Sadr strengthens legislative bloc ahead of Iraq poll recount
BAGHDAD, June 8, 2018 (BSS/AFP) – Nationalist Moqtada Sadr, whose bloc won
the largest share of seats in Iraq’s May legislative elections, has
strengthened his parliamentary position by forming an alliance with two other
The former militia leader reached a coalition agreement on Thursday with
Shiite Ammar al-Hakim’s Al-Hikma list and the secular outgoing vice-president
Iyad Allawi, whose list was comprised largely of Sunnis.
Sadr’s move comes after parliament voted on Wednesday for a manual
recount, cancelled expatriates’ votes and sacked the electoral commission,
amid mounting allegations of fraud surrounding the May 12 poll.
His strengthened bloc gives Sadr around 100 seats, but not enough to
generate a majority in the 329 seat parliament.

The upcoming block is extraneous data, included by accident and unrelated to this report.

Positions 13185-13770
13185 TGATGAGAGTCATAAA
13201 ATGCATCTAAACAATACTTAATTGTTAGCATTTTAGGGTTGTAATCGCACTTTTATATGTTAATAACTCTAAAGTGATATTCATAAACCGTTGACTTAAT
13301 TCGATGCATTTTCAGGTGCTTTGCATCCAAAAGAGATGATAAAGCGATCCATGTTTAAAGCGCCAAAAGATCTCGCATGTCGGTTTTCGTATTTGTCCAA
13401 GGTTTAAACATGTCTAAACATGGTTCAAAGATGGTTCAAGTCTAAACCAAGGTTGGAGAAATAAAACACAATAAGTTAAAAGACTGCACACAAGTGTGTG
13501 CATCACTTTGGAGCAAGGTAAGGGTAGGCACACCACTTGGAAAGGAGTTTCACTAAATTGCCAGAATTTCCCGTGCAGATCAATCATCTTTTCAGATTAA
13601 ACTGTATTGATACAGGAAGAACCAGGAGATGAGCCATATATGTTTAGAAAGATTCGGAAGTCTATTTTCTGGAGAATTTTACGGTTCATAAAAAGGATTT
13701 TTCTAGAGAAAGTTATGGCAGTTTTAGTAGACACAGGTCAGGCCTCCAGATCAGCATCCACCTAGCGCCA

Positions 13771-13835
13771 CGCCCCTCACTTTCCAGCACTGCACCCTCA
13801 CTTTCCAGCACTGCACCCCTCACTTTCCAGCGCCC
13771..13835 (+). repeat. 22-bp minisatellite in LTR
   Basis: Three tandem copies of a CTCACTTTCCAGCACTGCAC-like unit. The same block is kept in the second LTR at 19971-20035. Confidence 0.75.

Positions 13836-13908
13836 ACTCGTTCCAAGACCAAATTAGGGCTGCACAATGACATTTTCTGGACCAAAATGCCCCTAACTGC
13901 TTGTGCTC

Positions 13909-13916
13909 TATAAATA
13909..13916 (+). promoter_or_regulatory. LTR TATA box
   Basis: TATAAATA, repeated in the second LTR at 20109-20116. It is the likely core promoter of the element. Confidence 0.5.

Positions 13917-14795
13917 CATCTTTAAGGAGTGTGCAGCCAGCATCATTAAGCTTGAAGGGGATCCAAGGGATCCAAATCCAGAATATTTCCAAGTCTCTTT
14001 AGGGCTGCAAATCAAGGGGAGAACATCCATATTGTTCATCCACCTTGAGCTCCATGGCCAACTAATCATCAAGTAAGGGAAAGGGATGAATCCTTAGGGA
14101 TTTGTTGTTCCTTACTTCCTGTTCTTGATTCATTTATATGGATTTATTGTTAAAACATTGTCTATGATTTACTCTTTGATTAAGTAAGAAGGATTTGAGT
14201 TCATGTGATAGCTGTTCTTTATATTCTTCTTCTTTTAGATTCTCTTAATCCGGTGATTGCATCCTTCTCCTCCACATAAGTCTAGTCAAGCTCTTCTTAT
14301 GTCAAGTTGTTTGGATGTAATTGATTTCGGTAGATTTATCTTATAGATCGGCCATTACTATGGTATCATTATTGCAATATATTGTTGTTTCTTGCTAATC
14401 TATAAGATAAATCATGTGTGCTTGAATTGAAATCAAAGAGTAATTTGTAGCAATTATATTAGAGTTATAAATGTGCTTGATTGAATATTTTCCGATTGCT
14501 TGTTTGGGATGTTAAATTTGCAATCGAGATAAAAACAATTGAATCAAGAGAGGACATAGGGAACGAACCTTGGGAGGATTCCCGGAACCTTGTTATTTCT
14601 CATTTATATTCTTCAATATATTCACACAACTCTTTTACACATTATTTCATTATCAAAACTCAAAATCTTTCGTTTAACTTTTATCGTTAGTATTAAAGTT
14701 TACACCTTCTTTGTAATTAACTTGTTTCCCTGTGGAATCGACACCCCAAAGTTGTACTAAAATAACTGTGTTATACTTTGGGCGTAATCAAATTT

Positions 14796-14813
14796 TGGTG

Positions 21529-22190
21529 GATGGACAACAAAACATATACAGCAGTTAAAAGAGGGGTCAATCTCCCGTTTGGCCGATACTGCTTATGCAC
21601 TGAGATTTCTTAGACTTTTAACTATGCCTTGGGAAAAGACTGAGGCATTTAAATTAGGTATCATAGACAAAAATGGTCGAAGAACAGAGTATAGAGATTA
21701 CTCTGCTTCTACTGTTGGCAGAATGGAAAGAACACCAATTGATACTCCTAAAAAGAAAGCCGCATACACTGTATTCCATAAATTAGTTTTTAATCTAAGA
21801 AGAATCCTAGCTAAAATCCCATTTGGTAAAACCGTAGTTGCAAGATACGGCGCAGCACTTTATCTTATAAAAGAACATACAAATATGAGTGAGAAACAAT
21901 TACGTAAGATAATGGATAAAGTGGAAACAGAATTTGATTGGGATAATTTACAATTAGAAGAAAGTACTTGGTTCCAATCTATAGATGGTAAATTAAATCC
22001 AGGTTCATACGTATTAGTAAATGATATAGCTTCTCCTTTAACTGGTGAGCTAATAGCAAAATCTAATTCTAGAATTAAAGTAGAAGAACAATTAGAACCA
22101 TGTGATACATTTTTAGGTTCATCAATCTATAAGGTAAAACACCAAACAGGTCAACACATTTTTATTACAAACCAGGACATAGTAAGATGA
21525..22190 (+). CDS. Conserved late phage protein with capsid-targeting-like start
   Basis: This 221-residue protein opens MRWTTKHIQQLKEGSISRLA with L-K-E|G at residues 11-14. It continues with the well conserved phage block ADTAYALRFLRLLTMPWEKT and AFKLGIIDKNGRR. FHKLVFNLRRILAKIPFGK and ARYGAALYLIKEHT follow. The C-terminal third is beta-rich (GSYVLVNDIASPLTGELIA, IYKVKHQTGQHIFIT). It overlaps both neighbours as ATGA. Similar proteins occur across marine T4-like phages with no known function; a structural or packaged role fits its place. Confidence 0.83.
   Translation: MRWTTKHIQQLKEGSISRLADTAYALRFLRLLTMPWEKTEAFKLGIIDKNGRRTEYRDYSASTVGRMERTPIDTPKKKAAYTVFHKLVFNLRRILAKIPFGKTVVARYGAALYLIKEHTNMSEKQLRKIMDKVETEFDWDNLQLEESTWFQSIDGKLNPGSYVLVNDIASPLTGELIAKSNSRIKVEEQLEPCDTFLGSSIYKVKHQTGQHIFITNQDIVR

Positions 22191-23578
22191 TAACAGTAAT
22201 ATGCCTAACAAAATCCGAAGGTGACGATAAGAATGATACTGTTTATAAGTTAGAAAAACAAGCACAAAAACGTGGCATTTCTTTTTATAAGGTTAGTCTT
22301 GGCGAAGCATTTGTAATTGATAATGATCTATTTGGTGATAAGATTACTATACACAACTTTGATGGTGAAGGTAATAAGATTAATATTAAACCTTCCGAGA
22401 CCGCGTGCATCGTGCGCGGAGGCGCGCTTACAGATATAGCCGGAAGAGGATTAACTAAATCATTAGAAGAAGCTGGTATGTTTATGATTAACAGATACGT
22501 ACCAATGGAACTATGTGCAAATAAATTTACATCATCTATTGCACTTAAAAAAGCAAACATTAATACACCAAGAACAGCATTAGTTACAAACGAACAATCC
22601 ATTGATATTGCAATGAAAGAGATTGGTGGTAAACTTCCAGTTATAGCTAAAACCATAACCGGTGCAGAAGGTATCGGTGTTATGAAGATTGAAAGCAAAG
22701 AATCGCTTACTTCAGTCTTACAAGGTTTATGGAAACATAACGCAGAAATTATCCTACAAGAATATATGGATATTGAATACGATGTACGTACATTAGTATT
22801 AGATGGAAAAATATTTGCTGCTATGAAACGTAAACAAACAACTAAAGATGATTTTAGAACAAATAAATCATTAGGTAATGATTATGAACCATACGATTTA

Iraq’s political system is designed to ensure that no one person or party
can dominate, leading to extended post-election horse trading between
multiple factions — a process that hasn’t been interrupted by the order for
Sadr’s enhanced bloc is calling for economic reform and decentralisation.
It also says it opposes “politicising administrative and military
Iran-backed parliamentary rivals could nullify Sadr, who has called for
his country to be more independent from both Iran and the US.
When initial results were announced, influential Iranian General Ghassem
Soleimani came to Baghdad in a bid to rally rival Shiite factions against
Soleimani met outgoing Prime Minister Haider al-Abadi, whose list secured
42 seats, former anti-jihadist fighters from the paramilitary Hashed al-
Shaabi units (47 seats) and former prime minister Nuri al-Maliki (26 seats).
If these groups form an alliance, they would take 115 seats — enough to
form a government, according to Iraq’s Constitution.
Meanwhile “logistical preparations” for the manual recount have begun at
the electoral commission’s headquarters, Iraq’s Superior Council of
The electoral commission has been dismissed and some members may face
fraud charges, authorities have warned.
The commission says it will take legal action to challenge the decision
to dismiss it.